In truth, the Republican party only has three problems: its policies are unpopular, its policies do not work, and they hate everybody who does not agree with them. In contrast, the Democratic party has only one problem: it wants to be more like the Republicans.Don't look to me for the bog standard two party "duopoly" rant because I think adding more parties to a corrupted system is like asking the staff for a new set of dice at a crooked casino - the new dice will be loaded too. Whatever forces are corrupting the two parties would almost certainly corrupt any new party that emerged absent some kind of deeper understanding of those forces of corruption and real means to defeat them.
Rosenberg's apt synopsis of the Republican party's problems is actually the less important part of his thesis, which is: What the hell is wrong with the Democratic party? To wit:
But the Democrats have it even worse. They have won the popular vote in every presidential election since 1992 except for 2004, and yet they have been playing defence - rather badly - throughout most of this period. They do not have the means to even consider what it might look like to go on offence, except as a kabuki theatre to rev up their base come election time.Examples of this really are legion, from the failure to enact Hillarycare in 1993, triangulating through the rest of the Clinton presidency, failing to end the Iraq War in 2007 with control of Congress, failing to kill the filibuster in 2009, 2011 and now in 2013, the too-small stimulus, voluntarily killing ACORN under a nonsense trumped up non-scandal, falling over themselves to condemn Move On for actually opposing right wing warmongers like Bush, Cheney and Petraeus, failing to get prosecute corrupt bankers and financiers, and we can add stripping the Public Option from Obamacare. Yes, there were a variety of villains to blame for each of these failures from Liberman to Nelson to the Blue Dogs to Obama himself but the core of it a party unwilling to really grasp the rusty levers of power and effect significant change when it counts. Keeping the stupid filibuster in place was probably the most obvious sign that at some level, they're happy to have the excuse not act. Not necessarily because they're "corrupt" in the sense of consciously being bought out to not do what voters sent them to do (though some no doubt are) but in not really wanting to, or being afraid to.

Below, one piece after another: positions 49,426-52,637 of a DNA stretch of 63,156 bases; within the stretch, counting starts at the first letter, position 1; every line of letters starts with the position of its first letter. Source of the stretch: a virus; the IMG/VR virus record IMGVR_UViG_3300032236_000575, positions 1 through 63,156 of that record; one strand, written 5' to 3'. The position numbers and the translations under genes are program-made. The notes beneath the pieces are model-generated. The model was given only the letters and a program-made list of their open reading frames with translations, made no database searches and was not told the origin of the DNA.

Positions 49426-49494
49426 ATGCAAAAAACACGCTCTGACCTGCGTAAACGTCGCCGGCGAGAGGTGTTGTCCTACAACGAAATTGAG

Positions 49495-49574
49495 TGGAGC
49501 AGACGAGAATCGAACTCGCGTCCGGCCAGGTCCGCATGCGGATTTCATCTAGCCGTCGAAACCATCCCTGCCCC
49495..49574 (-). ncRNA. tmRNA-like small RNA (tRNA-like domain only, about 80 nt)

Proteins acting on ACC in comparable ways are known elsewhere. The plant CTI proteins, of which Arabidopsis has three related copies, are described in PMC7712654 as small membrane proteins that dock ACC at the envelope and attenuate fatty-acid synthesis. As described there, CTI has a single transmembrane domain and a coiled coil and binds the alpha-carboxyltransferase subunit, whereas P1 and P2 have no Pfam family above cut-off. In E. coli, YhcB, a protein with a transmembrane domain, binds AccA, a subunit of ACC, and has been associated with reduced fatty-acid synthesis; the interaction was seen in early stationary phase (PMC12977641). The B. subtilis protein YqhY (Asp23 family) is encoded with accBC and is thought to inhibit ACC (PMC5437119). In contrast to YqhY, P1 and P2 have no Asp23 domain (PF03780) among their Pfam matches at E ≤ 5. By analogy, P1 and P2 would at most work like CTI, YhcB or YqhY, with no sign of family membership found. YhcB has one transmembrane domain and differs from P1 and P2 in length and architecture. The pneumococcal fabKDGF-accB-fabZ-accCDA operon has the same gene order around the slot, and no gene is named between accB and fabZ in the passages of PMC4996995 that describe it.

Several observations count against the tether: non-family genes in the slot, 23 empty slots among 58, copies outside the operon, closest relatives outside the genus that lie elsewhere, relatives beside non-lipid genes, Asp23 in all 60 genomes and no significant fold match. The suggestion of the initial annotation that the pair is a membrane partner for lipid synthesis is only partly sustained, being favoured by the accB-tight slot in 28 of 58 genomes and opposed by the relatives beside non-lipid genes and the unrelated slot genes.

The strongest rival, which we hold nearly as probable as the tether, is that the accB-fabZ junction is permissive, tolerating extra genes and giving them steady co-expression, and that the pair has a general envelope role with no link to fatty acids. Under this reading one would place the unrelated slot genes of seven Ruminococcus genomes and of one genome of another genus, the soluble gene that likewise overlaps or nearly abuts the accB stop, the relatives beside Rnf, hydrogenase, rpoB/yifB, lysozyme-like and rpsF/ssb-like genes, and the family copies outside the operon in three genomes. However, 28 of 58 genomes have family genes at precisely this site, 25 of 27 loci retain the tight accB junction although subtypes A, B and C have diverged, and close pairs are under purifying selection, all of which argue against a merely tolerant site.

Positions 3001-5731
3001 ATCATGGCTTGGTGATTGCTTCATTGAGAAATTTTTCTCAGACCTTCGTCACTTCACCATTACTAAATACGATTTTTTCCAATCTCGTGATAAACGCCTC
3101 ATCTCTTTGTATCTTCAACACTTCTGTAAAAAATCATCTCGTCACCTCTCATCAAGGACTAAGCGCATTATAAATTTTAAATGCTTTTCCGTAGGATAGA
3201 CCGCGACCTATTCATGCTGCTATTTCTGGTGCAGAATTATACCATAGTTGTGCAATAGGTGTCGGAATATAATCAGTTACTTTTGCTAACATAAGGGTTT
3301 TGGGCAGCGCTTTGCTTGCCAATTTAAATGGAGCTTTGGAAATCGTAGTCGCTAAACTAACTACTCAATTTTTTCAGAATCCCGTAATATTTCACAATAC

The Republicans are the party that won't take "no" for an answer from the voters, returning with the same bad enrich-the-rich policies over and over, year after year, but the Democrats are the party that won't take "yes" for an answer and give the voters what they want: sound liberal economic policy. Jobs, economic security, schools that work, a clean environment. The Democrats had two chances in 1992 and 2008 where they controlled the trifecta of both houses of Congress and the Presidency and in both cases failed to deliver bold liberal policy that would measurably improve people's lives quickly and noticeably. That's the big secret of what FDR did to achieve the amazing political success of the 1932-1994 Democratic coalition. He/They (Democrats) enacted policies that made their lives better. Not some arcane neoliberal tax credit to employers that only economists can detect any impact from, the government started mailing seniors actual cheques. They hired people who needed work. They built stuff that needed building and would be useful anyway - bridges, libraries, schools. It wasn't complicated, and it worked. People felt things improving, and in 1934 and 1936 gave FDR historic supermajorities to do more of the same.
These insights don't take political genius to understand, in fact it takes a special kind of political genius for the Democrats to avoid these lessons and try to handwave away these obvious truths. Right wing ideologues and hacks have obvious motives to ply sophistry and revisionism to deride FDR as they simply don't want to win by implementing liberal policy. They, ultimately, must trick voters into voting against their own interests. That's much tougher and it's why they lose the popular vote so often, even with their generally better electoral messaging machinery and rampant voter suppression.
Yes, I know the causes are in some sense obvious, lobbyists and corporate money and so forth. But all that stuff existed in 1932, but Rosenberg suggests a deeper problem, that the leadership of the Democratic party simply don't really want to implement bold liberal policy because they don't believe in it:
Regardless of your own ideology - conscious or unconscious - you just have to wonder why Obama clings so doggedly to both substantive policies and political strategies that repeatedly fail so profoundly. No doubt there are multiple factors involved, but the most compelling answer, I have come to believe, comes down to a lack of vision: Obama quite simply cannot see any alternative. His politics are drastically confined by the crabbed nature of his neoliberal imagination, formed in the shadows of Reagan and Thatcher.I tend to agree. Despite its rampant failure in the past few years, neoliberalism still has the world's elites in thrall. They evidently cannot turn from it. Even the ones who know it is failing can't imagine what could take its place. I hope democratic politics can find some way to dethrone the lot of them and let some new blood take the reins for a spell, because the alternative ways this ends are not good.
Do read Rosenberg's whole piece.